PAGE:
George said...

I'm a big fan of Altus Press. I'm not familiar with Ki-Gor but your review inspires me to order the books! Right now!

Keith West said...

My understanding is that there were back-up stories in the original pulps that haven't been reprinted in the Altus Press editions. Can anyone speak to this?



Walker Martin said...

Keith, go to and search for Jungle Stories. They have reprinted about a dozen complete issues for $14.95 each. These reprints contain the back up stories, some of which are quite well done. Dan Cushman for instance was one of the better writers of the shorter stories. also lists many complete reprints of JUNGLE STORIES.

Charles Gramlich said...

I've read one or two of these at some point but don't remember very well.

Samuel Wilson said...

I've read some Ki-Gors from the Forties that were entertaining. By then the regular cast had been expanded to include N'Geeso the pygmy and Tembu George, the American boxer turned Masai chieftain, who provide a lot of comedy-relief banter in the Monk and Ham (if not Mutt and Jeff) manner but are cool characters in their own right. It looks like there's a lot of Ki-Gor to be easily had so I'll probably try more soon.

Charles R. Rutledge said...

The stories tend to be really good or really bad, without much middle ground. Some of the later ones are excellent. 'The Silver Witch' is probably my favorite.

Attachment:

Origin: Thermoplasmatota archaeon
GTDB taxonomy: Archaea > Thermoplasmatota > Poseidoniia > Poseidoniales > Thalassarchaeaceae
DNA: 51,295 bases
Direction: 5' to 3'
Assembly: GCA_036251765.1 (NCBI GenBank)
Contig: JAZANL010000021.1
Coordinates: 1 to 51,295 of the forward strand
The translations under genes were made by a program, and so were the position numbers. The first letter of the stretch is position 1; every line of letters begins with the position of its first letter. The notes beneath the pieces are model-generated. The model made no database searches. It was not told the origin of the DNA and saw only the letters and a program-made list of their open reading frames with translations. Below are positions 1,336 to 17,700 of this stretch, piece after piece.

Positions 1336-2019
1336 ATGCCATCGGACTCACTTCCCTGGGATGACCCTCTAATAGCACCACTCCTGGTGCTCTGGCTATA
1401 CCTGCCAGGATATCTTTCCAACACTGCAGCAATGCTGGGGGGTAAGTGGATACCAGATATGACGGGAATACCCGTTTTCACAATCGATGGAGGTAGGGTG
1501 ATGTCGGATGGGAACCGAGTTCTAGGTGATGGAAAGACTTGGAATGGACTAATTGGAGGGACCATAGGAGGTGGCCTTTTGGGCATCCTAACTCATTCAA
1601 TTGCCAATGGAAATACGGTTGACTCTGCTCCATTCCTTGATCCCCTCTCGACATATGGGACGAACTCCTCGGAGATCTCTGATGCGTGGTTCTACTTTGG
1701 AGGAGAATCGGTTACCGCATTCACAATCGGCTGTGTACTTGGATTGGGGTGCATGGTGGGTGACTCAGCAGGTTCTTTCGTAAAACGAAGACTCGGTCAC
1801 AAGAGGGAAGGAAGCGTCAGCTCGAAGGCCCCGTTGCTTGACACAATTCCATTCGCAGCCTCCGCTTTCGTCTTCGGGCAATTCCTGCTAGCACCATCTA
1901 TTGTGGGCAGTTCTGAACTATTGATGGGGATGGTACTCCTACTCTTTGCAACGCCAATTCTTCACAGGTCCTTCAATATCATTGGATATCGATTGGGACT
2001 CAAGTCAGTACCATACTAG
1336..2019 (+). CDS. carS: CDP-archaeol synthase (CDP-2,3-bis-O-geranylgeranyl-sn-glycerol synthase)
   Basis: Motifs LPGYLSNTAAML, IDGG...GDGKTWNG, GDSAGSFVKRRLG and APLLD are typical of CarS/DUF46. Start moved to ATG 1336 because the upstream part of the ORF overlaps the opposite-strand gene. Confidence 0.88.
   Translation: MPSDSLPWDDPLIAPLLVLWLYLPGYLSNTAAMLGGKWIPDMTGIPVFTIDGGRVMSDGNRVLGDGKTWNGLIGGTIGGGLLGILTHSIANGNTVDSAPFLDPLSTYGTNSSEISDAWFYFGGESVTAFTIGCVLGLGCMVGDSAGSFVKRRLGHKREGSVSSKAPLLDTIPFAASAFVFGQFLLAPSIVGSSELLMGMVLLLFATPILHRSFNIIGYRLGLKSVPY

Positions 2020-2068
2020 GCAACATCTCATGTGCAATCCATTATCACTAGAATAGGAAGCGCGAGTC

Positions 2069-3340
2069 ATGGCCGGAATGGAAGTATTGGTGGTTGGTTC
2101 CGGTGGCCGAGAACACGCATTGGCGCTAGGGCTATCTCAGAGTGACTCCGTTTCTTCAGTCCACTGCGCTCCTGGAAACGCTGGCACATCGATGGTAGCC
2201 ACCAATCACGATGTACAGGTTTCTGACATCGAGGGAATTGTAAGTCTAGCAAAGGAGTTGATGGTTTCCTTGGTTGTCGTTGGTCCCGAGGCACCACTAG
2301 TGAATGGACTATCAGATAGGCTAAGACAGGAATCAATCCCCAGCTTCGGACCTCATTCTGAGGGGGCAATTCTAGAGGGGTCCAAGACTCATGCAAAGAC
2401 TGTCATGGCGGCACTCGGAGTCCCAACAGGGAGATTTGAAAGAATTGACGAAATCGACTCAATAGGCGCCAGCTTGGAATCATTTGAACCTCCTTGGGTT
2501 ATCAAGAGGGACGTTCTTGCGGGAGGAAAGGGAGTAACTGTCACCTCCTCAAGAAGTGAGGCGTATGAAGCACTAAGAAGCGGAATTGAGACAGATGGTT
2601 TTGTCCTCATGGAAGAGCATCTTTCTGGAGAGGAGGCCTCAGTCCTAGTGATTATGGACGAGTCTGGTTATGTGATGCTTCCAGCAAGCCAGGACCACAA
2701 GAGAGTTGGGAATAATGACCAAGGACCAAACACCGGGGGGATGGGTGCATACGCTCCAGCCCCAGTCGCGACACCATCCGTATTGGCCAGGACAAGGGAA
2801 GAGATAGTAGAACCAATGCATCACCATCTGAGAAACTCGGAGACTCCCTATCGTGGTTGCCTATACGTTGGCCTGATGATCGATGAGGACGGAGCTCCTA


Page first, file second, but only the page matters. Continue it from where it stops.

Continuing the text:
Keith West said...

Thanks, Walker. I'll check them out.

And since it's on topic, Howard Andrew Jones had this post about the next volume of the collected Ki-Gor stories a few hours after James posted.

Anonymous said...

There are also several full-count issues of JUNGLE STORIES free online (copyright apparently not having been renewed on these, and perhaps not on any of them); see

Denny Lien

James Reasoner said...

Altus Press has also reprinted (in two volumes) the complete adventures of Dan Cushman's Armless O'Neil. Many of these yarns first appeared in JUNGLE STORIES, the others in ACTION STORIES. They're great reading, too.

S. Craig Zahler said...


Great Saunders cover for sure!

This is pretty good issue, but I must point out that the Ki-Gor story in this issue is the very, very worst story. It's just sloppy and obvious at all times. Please read Dark Terror---which sets up a fun character named Taboo Dick with a really interesting racket and gimmick. Moreover, Lost White Race of the Hidden Plateau in that issue is really good lost race fiction and would have stood out in Argosy. It's actually my favorite story the I've read in this magazine.

Yes, The Silver Witch is good Ki-Gor, but my favorite is actually from the issue that was pictured on this site--- Warrior Queen of Attilla's Lost Legion, which is like a Norvell W. Page take on ER Burroughs and quite frantic. Beware the staring apes!

Howard Jones said...

Oh, the later ones are definitely stronger and better, but you're a few years out at this rate. I'd say about a third of them are really outstanding, for what they are. I went on about the glories to be found in the good ones at length a few years ago:

Howard Jones said...

Keith, I think there was a collection of some of the "one-arm O'Neill" stories, by Cushman, a few years back. That's the only reprint collection based on the Ki-Gor back-up features I'm aware of.